The Focus of Bishop Katharine Jefferts Schori
Taking up my comment about listening, the controversy and furore over Mark Driscoll has led me to follow up his blog about Katharine Jefferts Schori, the new Presiding Bishop of the Episcopal Church in America, and, in particular, the Time interview she gave earlier in July to which Mark links. The fluffy bunny and male testosterone stuff in his blog is all unnecessary, but I think it may obscure a far more important issue.
For the first question in the interview, the Bishop is asked:
‘What will be your focus as head of the U.S. church?’
to which she responds:
‘Our focus needs to be on feeding people who go to bed hungry, on providing primary education to girls and boys, on healing people with AIDS, on addressing tuberculosis and malaria, on sustainable development. That ought to be the primary focus.’
I accept that you have to be careful with press interviews and with the way they can twist what people have said. But taken at face value, I personally find this a rather strange set of priorities. As most places in America have primary and secondary education, is she advocating more church schools? And why single out AIDS? What about cancer and heart disease, much bigger killers? The reason is, of course, that she is focusing not on the US, but on the developing world and a headline disease in it.
These are all serious concerns, but why should she as head of a US church focus on issues in other Provinces of the Anglican Communion? Shouldn’t she as head of the US church be focusing on US issues? It’s fair enough to argue that development concerns us all, but are there no specifically US issues that she thinks need focusing on? Isn’t this a religious form of US imperialism thinking it can sort out the rest of the world? Isn’t it arrogance masquerading as compassion?
But much more seriously, where is God? I don’t want to get all fundamentalist, but surely the head of a church, in a country such as the US, should want God at least to be part of her focus. And what about the teachings of Christ? Or reaching those outside the Church? And that’s leaving aside healing divisions within her church and the wider Anglican Communion, and between her church and other churches. Is that also not to be a part of the focus?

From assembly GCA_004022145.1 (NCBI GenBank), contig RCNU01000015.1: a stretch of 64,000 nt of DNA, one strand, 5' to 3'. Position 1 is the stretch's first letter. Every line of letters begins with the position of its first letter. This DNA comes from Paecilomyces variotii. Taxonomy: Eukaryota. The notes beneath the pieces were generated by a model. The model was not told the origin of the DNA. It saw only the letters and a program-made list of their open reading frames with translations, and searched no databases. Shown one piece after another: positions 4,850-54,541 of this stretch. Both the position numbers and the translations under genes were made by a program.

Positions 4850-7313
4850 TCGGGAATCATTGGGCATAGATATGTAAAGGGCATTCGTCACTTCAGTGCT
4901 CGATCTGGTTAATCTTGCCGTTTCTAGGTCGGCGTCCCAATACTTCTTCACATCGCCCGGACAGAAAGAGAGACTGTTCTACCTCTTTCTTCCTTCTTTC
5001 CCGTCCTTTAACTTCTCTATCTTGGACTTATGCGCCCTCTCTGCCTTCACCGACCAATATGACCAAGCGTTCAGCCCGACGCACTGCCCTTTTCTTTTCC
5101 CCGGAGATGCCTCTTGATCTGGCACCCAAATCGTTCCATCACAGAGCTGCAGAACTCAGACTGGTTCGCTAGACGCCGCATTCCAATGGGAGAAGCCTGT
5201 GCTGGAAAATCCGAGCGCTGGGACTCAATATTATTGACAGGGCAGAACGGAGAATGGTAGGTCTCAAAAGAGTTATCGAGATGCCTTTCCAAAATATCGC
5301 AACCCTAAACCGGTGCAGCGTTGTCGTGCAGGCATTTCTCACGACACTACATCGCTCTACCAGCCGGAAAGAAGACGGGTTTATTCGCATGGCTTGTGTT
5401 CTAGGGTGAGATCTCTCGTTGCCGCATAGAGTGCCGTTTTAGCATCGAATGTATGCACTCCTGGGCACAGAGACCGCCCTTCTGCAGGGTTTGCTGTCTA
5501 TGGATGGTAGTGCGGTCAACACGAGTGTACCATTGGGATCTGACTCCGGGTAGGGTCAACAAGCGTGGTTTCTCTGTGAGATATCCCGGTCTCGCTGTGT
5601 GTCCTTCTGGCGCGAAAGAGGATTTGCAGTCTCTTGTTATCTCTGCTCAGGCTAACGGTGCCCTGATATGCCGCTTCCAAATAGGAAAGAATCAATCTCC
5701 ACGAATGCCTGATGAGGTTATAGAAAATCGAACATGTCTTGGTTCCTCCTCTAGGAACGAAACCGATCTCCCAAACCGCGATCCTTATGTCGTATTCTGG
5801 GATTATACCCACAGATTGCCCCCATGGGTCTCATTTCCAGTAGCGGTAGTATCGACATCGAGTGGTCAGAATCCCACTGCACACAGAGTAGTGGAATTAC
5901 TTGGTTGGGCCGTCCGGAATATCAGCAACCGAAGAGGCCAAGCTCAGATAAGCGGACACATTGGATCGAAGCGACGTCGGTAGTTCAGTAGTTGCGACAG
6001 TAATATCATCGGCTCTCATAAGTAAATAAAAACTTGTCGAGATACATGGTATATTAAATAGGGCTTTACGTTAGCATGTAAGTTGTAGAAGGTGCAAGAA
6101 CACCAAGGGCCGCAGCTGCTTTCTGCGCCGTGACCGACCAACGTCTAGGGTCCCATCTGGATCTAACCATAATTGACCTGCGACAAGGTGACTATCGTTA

It may not ultimately matter for she may be the last presiding Bishop of the Episcopal Church in America, because the way things are going there isn’t going to be an Episcopal Church for much longer.
Sadly, I have seen it all before in many churches in the UK. Once you make social issues the focus, why do you need to bring God into it? No wonder, then, that many churches who made social issues the focus in the 20th century simply no longer exist. And the void left by churches who failed to focus on God is being filled today by far more fundamentalist types of Christianity. By the sort that Mark represents, for example.
Of course, as Christians, we have to be socially aware and socially concerned. Of course, the Gospel is a call to love people who are politically and socially disadvantaged. But when a church or its leaders make their focus something other than God himself, then the reason for that church’s existence has gone. The world does not need the Church to become just another development agency. It needs it to tell the truth of God as revealed in Jesus Christ. So don’t blame people for going to Mars Hill to hear about God from Mark. Blame leaders of churches who can’t even list God as one of their priorities.
For me Katharine Jefferts Schori’s answer, as reported, to the question of what will be her focus is deeply troubling. Frankly, far more troubling than Mark’s admittedly silly remarks about fluffy bunnies.